real estate

This property on Bluff View Drive is currently for sale with a listing price of $1.85 million. (Photo courtesy of Telluride Properties)

On the heels of 2017’s 10-year real estate peak, San Miguel County saw a dip in both dollar volume and number of transactions in 2018.

The county tallied 499 transactions at a dollar volume of $537.5 million in 2018, according to data collected by Telluride Consulting. That represents a 19 percent decrease in transactions and a 13 percent dip in dollar volume compared to 2017, a notable year that posted 619 transactions representing $621 million in sales.

The biggest decline in 2018 was in Mountain Village, where the dollar volume was down 31 percent over 2017, while the number of sales was down 15 percent. Telluride was slightly less affected with the dollar volume of sales only dipping 1 percent, while the number of sales dropped by 24 percent. In the rest of the county, the dollar volume rose by 9 percent, while the number of sales dropped by 20 percent.

Not that anyone would call it a bad year, though, as sales volumes were still the second best in the last decade.

Mike Shimkonis of Telluride Properties noted that 2018 was still strong, it just happened to follow a serious spike. Taking it in the context of the last decade, he said, “there’s been a steady climb in activity.”

Robert Stenhammer of Telluride Real Estate Corporation echoed that sentiment.

“You have to kind of look at real estate trends in more than a one-year comparison,” Stenhammer said, adding that he would characterize 2018 as “on track.”

Real estate professionals point to shrinking inventory, along with an increase in price per square foot for the decline. George Harvey of The Harvey Group, who’s been a broker in Telluride for 35 years, said a dearth in dwellings in the bottom third of the market — anything under $2 million — is driving the trend. And it’s not unique to Telluride.

“That trend is exactly the same in the rest of the resort markets, from Steamboat to Jackson and Breckenridge,” Harvey said.

Shimkonis also observed that.

“The demand is there,” he said, “but in certain instances the product is not, or the price point.”

Harvey also cited a disparity between the price per square foot of the asking price of units on the market and the selling price of recent transactions. For example, he said, the average asking price per square foot of Telluride condos is $1,056, while the average selling price breaks down to $772. That disparity is largest in Mountain Village, he added, where asking prices reflect a price per square foot that’s 33 percent higher than selling prices.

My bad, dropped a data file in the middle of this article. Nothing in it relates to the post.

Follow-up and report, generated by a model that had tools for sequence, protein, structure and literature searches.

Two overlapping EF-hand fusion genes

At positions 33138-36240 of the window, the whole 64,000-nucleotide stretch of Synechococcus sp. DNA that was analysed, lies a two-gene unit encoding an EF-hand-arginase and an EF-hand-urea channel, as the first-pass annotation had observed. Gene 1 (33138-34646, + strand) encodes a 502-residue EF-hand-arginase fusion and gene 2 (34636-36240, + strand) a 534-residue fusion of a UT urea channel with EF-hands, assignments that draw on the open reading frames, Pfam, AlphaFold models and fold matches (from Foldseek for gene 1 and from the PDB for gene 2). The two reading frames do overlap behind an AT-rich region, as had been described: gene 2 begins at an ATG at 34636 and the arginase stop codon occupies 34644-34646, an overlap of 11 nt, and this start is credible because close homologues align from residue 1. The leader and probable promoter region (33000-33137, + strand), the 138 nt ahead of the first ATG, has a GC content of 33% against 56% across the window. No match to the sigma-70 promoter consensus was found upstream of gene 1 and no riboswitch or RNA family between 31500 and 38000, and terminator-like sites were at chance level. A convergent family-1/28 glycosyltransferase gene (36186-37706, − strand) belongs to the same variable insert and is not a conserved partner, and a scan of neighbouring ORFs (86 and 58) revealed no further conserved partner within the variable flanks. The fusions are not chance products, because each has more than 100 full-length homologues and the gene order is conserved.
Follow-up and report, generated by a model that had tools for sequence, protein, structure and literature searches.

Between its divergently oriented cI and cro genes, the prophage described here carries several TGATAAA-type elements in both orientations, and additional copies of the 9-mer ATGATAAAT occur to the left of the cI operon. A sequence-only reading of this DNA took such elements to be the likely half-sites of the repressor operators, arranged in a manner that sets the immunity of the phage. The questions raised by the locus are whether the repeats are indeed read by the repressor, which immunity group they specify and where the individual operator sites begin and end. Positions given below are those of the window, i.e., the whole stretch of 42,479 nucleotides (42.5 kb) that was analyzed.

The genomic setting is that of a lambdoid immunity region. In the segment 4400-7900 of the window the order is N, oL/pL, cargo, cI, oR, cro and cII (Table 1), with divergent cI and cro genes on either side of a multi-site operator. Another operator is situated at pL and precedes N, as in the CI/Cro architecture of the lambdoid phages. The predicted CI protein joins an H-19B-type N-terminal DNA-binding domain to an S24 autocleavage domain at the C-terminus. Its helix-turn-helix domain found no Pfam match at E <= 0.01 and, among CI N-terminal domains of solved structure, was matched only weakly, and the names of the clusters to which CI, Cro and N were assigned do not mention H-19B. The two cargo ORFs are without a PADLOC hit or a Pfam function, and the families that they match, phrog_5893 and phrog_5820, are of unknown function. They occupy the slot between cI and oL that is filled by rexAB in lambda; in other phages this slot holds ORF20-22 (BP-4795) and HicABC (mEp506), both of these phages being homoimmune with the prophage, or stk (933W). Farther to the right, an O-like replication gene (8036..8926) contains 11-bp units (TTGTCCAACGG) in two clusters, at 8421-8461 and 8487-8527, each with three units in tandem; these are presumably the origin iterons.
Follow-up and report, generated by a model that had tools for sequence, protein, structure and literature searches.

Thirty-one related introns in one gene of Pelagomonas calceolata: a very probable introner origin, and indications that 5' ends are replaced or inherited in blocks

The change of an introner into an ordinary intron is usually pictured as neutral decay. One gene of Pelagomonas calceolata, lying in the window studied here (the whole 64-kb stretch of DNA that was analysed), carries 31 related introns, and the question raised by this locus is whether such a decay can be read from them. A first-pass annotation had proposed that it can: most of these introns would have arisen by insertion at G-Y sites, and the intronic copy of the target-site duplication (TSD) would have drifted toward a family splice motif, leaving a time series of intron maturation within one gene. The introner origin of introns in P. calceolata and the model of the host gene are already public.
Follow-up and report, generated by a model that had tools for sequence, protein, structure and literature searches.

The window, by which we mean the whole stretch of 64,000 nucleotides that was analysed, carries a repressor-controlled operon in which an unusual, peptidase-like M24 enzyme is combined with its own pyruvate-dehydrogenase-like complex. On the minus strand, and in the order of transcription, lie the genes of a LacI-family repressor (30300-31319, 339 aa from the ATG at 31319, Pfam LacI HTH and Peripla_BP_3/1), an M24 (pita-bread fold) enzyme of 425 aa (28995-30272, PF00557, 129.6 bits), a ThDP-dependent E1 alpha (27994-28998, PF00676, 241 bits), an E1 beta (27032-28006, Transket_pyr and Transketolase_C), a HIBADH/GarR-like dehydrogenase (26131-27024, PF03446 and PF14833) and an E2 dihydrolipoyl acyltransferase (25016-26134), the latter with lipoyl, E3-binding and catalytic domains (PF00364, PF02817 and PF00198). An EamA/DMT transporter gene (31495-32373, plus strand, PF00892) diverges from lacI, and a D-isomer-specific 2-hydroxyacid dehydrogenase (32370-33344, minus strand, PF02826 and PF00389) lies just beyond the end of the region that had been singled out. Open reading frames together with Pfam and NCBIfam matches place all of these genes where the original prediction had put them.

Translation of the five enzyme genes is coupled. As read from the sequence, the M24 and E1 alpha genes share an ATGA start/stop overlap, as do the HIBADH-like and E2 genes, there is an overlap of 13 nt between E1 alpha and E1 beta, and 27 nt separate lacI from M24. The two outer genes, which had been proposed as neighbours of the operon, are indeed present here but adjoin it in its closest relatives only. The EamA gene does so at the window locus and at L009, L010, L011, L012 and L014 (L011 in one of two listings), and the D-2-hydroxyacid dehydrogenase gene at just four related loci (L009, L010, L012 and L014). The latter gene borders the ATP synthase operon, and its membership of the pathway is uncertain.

Either way you look at it, free market real estate numbers in the Telluride region offer a look at the kind of big-dollar transactions that the country’s higher end markets experience.  

According to numbers compiled by Telluride Properties, the average price of a four-bedroom single-family home sold in the Town of Telluride was $2.9 million. For two-bedroom condos, meanwhile, the average price was $759,361; three-bedroom condos sold for an average of $1.3 million.

According to Telluride Consulting’s numbers, October was the strongest year with 67 sales worth $86 million. January, meanwhile, had the fewest sales at 28, while July showed the weakest sales volume at $23.6 million.

The most popular inventory was Telluride condominiums: 89 sold. Second to that was Mountain Village condos — 84 of those sold. That was followed by county single-family homes at 63 units sold.

But with so many condos snapped up in recent years, it leaves few on the market, Harvey said, which could be a problem.

“I’m a little bit struck by the lack of inventory,” he said. “One thing that concerns me greatly is, how do we create the inventory for these buyers?”

Harvey predicts a 5-10 percent slowdown in Telluride-region sales in the coming year, along with some leveling off of listing prices.

But Shimkonis thinks the recent upswing in population to Colorado’s Western Slope isn’t slowing down. Stenhammer says factors like developable land in Mountain Village, great schools and infrastructure improvements on the resort continue to make this an appealing place.

“I’m optimistic,” Stenhammer said. “I think it’s going to be an amazing year.”